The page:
`The Mystery of Husbandry': Medieval Animals and the Problem of Integrating Historical and Archaeological Evidence

By Albarella, Umberto | Antiquity, December 1999 | Go to article overview

`The Mystery of Husbandry': Medieval Animals and the Problem of Integrating Historical and Archaeological Evidence


Albarella, Umberto, Antiquity


Introduction

In 1697 one Leonard Meagre published a general farming treatise entitled The Mystery of Husbandry: or Arable, Pasture and Woodland improved (Fussell 1947). This title is still relevant today as medieval and early modern husbandry are for us in many respects as mysterious as they were in the 17th century. It also suits the subject of this paper well as there is nothing better to highlight the uncertainty of our knowledge than two sources of evidence which often provide conflicting results.

In this paper I will discuss the problem of comparing and integrating archaeological -- more specifically `zooarchaeological' -- and historical evidence for medieval and early modern husbandry. I will mainly rely on examples drawn from the research I have carried out, with colleagues, in the last six years in England. However, I hope that some of the methodological aspects of this discussion may be relevant to other geographic areas too.

A few case-studies are presented. We will see that in some cases our data stress the existence of biases, gaps and inconsistencies in either of the two disciplines. In others it will be clear that only through the combined effort of historians and archaeologists will it be possible to solve specific problems. It is also stressed that not all is problematic or incongruous and that cases in which historical and archaeological sources fit well together and provide consistent information do exist. Finally, I briefly discuss what lessons we can learn from the problems and where and how possible solutions are likely to be found.

This paper is written from the point of view of the zooarchaeologist; thus I have no claim to tackle these problems in a completely objective way. Criticisms from historians, other archaeologists and fellow zooarchaeologists are welcome. My ultimate aim and hope is to stimulate some debate and to encourage an exchange of information and ideas.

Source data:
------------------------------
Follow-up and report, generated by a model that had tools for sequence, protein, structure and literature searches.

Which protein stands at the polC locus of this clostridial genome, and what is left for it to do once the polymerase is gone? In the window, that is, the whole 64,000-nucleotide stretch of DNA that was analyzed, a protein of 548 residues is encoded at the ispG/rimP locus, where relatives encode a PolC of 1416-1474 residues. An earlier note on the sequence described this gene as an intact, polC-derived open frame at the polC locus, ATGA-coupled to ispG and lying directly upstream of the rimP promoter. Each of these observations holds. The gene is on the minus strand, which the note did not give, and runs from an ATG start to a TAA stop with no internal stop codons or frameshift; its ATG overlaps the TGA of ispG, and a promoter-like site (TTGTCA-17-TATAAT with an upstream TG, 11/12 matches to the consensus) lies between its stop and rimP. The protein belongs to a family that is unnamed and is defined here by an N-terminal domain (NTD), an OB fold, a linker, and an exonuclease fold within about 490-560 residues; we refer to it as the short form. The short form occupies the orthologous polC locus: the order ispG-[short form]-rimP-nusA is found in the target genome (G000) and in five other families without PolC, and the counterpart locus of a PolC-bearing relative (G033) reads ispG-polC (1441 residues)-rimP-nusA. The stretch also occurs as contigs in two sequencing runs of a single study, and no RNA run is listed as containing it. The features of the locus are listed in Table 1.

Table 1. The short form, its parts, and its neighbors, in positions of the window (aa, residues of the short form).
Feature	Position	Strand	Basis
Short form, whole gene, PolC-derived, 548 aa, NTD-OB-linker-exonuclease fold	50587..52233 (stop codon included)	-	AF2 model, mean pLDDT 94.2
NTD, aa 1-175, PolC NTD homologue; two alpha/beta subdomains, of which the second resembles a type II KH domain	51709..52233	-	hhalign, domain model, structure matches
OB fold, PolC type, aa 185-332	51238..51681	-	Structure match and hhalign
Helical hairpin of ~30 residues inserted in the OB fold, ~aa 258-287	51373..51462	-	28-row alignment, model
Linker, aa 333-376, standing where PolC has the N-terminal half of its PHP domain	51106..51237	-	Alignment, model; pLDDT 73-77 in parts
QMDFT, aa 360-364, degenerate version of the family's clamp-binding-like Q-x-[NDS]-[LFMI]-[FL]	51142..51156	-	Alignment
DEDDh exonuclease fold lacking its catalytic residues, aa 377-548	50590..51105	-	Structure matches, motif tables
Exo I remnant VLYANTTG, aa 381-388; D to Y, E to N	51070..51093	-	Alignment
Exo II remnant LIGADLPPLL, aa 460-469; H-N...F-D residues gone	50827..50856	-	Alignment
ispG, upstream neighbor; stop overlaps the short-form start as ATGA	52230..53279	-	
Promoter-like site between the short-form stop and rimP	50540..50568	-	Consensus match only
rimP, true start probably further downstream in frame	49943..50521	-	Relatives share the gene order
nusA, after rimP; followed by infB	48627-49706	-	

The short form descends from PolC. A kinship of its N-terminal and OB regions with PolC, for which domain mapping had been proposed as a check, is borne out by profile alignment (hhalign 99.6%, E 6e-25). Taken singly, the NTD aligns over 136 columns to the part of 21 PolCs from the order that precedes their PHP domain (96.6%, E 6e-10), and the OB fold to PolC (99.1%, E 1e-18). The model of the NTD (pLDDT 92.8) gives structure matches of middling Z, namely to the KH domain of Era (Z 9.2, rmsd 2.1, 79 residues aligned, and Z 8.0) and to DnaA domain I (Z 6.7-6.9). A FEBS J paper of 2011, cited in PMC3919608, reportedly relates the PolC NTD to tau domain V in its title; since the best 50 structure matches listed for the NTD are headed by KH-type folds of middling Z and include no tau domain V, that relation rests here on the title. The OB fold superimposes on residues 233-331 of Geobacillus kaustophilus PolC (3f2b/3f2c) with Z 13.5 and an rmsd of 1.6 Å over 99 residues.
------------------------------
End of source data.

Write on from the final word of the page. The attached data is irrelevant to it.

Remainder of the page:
Counting sheep

One of the basic tasks of zooarchaeological analysis is to calculate the frequency of different animal species present in an archaeological assemblage. Despite methodological problems in carrying out these quantifications we are able to provide some clues about the relative importance of different animals. Medieval bone assemblages are almost invariably dominated by the bones of cattle, sheep and pig, namely the domestic mammals -- with the horse -- of greatest economic importance. Much more variable -- and difficult to assess -- is the relative importance of each of these three species.

Although much variation occurs between early and late medieval sites, between urban and rural sites and between sites of different social status (Grant 1988; Albarella & Davis 1996), cattle and sheep bones tend to be more common than pig bones. The relative distribution of the two most common species is highly variable, but it is probably not totally incorrect to state that, on average, bones of cattle and sheep tend to be equally numerous. However, sheep are generally more frequent on rural sites and cattle in towns (FIGURE 1) and sheep increased in number in the later Middle Ages -- a change possibly connected to the expansion of land devolved to pasture (Campbell et al. 1996) and to the increasingly flourishing wool market. Regional variation also occurs. Methodological problems can also create much variation in the frequency of the two species; sheep bones are much smaller than cattle bones and on sites where the recovery has been poor sheep tend to be much under-represented. However, despite all these differences it is clear that cases in which either one of these two species is far more common than the other are rare.

[Figure 1 ILLUSTRATION OMITTED]

During most of the Middle Ages the main concern in cattle and sheep husbandry was unlikely to have been their meat. However, there is also little doubt that almost all animals at the end of their life were eaten and the implications of the archaeological findings are therefore clear. …

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